English, as you well know, has some of the strangest pronunciation rules – and the pronunciation often varies between British and American versions of the language. You may want to spend time listening to native speakers pronouncing specific words so you can be certain you’re saying them correctly. The Cambridge online dictionary provides both American and British pronunciations (as well as handy synonym and idiom tools).
And, remember contractions (isn’t instead of is not) and idioms (it takes two to tango); these will automatically boost your score as this is how English native speakers communicate.
Record yourself speaking freely and reading passages so you can replay them to uncover areas where you might be able to improve on some of all of these areas. And, of course, never pass up an opportunity to speak English (no matter how shy you may be in front of some people).
Correct written English is very different than the conversational English you probably have the most exposure to; that can make it difficult for even advanced English speakers. You may be able to think in English, but when you’re writing, there are other rules you must apply.
As with anything, you will need to practice writing. But, you should also practice editing too; once you’ve written something, you should go back to apply the rules. That means looking for correct punctuation and spelling. It also means checking verb conjugations and whether they are consistently in the same tense(s) throughout the piece. And, you don’t want to miss critical fillers and adjective placement. You may go over the same paragraph a dozen times to ensure you’ve gotten it right, but this preparation will pay off.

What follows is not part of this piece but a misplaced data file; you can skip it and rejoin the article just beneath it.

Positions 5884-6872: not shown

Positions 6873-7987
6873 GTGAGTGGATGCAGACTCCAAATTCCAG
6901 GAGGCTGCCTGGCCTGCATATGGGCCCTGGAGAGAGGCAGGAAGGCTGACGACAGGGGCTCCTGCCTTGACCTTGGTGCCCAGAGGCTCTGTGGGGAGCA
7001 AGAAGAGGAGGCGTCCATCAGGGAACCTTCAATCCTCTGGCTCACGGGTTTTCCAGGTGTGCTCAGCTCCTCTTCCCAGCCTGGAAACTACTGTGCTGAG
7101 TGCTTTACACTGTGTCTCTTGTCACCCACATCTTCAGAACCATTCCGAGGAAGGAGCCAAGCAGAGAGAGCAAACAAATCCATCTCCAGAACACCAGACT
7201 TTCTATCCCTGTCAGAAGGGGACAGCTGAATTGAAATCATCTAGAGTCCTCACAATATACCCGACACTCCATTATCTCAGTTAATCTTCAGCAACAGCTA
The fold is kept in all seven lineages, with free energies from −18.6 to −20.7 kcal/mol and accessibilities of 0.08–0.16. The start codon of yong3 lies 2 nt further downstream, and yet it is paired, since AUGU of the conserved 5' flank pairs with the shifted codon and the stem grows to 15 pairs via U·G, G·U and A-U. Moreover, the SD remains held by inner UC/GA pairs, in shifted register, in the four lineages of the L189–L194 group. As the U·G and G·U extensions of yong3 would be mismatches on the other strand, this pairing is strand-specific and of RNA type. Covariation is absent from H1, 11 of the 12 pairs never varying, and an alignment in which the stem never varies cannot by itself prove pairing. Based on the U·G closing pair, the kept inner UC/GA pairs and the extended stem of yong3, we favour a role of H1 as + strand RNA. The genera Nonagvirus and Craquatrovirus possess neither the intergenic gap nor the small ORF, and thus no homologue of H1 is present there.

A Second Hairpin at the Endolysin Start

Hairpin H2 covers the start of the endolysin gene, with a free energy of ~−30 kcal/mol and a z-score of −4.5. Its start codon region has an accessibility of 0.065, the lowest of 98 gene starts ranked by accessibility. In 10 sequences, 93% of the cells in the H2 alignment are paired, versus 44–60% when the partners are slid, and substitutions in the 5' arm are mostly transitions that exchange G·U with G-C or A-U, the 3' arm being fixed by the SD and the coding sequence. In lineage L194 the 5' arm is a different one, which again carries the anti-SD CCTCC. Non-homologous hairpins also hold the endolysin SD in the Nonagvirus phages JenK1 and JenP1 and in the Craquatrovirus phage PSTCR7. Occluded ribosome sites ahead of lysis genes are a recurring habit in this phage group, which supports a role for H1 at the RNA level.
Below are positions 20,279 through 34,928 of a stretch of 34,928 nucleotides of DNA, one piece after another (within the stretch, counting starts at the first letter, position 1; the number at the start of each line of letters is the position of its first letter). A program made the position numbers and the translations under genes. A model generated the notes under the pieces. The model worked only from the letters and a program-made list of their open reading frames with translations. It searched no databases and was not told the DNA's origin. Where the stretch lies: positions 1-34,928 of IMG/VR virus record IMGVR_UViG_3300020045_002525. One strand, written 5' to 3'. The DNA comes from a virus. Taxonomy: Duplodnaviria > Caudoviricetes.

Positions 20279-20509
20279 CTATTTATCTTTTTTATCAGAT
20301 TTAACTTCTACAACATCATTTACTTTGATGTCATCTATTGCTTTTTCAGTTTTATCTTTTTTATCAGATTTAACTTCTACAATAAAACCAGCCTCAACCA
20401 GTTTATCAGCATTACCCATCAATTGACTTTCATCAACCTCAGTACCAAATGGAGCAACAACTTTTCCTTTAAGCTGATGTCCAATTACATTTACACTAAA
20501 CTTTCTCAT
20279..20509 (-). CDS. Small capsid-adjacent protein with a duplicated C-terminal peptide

Summarise as many different texts as you can in preparation – and don’t be afraid to write about your personal activities as often as possible.
The best tip for every section is to read through the information provided by ETS on their Test Prep Planner. This guide is available for free – and although it points to some paid resources, there offer many free-to-use resources that you don’t want to be without.
There are many, many TOEFL resources available online, as well as books you can work through offline.
Free practice tests are available at:
If you’re looking for inspiration to keep you studying - as well as refresh a few grammar skills you may have forgotten, the TOEFL Go Anywhere Blog is filled with both and offers a variety of additional test-taking tips.
And, the best free study resource is available in a course format on edX. The TOEFL Test Preparation: The Insider’s Guide course was produced by ETS and can be worked through at your own speed.
If you’ve given yourself enough time to work through the course as well as the Test Prep Planner, you may want to check out the paid ETS resources; not everyone needs them, but they’re one of the best ways to ensure you can put your best foot forward.